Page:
Still, for anyone who likes RPGs at all and wants a new way to spend their hours, then you can't go wrong with this game. While in many respects it has now been outclassed by its successor, Oblivion, it is still a great game in its own right and in my opinion is still superior in some ways. The GOTY edition has eliminated most of the bugs and includes the two expansion packs - both of which are good and add yet more hours of entertainment.
21 people found this helpful
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on 7 October 2011
Considering even how old this game is now I dont feel like Im playing an outdated game, in fact after playing the 'sequel' Oblivion (4th in the Elder Scrolls series), I feel the 3rd game is actually much deeper, more full of story, character, intrigue and naughtiness! And bigger on the map and 'dungeon' areas you can explore, as well as more open; with cities and towns not cut off into seperate loading cells, and the dynamic fun of levitation for one.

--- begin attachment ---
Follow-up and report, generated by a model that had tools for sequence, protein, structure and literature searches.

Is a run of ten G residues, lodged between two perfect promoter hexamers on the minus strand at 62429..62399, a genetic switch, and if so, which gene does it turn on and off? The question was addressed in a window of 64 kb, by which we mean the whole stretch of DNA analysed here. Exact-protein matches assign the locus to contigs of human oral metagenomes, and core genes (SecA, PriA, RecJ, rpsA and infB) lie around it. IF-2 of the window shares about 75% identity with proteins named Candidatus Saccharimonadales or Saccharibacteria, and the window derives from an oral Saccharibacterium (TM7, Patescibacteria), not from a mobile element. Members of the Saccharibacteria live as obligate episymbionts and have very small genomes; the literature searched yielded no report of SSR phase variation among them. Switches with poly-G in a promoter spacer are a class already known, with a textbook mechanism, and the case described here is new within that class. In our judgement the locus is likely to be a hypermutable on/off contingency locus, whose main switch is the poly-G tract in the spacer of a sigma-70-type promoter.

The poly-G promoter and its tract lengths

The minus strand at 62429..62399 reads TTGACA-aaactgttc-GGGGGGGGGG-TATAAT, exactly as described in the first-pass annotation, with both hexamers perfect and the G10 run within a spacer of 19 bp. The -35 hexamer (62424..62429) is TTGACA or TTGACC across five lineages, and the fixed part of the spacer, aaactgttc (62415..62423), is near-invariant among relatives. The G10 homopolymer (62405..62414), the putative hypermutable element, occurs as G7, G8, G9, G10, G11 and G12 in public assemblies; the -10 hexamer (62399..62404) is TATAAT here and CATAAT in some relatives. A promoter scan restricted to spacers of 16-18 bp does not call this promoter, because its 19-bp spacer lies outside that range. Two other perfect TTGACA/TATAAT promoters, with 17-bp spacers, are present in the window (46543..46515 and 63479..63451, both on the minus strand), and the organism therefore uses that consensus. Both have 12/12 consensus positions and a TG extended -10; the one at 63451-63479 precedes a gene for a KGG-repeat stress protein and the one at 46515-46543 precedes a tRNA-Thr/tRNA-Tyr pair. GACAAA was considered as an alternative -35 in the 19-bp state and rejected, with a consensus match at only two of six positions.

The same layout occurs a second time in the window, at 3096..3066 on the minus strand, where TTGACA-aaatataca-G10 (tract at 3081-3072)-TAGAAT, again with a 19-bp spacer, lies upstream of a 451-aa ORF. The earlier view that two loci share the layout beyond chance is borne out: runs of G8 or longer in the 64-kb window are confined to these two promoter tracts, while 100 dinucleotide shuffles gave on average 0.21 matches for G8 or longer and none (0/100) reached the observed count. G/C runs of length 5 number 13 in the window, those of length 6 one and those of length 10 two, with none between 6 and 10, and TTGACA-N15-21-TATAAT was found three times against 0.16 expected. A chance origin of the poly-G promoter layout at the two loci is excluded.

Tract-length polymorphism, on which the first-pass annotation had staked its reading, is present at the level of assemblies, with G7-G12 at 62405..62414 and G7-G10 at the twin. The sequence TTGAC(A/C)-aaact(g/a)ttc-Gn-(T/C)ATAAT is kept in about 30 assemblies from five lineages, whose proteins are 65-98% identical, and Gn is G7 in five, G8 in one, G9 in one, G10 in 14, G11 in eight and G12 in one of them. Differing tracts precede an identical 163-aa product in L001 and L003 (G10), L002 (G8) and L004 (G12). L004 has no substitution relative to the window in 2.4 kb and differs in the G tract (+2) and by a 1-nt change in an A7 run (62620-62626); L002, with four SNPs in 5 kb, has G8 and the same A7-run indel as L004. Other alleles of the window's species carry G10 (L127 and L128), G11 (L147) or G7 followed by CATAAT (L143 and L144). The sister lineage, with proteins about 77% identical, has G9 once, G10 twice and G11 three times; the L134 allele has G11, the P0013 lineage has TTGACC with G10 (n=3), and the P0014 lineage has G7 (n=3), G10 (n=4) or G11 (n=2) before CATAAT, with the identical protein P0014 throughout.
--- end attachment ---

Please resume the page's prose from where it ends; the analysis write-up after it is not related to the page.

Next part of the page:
One of the few flaws that irritated me is the 'miss-miss-miss-miss-miss-HIT!-miss-miss-miss-miss...' physical combat, but even that is irrelevant once you gain a few levels and build yourself up. This version has the add-ons of the Tribunal and Bloodmoon which I missed out on the first time around, and for the price of my copy its worth it for these alone, to find out the rest of the story.

After playing again from the beginning for a while I discovered I had an old save file, and to compare what you get as a reward for building your strength through questing and leveling (and not to forget kleptomania and tomb pillaging), I found my long forgotten super-Nord, complete with every armour piece glowing and entire houses full of well displayed booty. She could leap house to house and laugh at deadra, while my newly made character was fit as an invalid and gets killed by anything that blinks.

Ah Morrowind...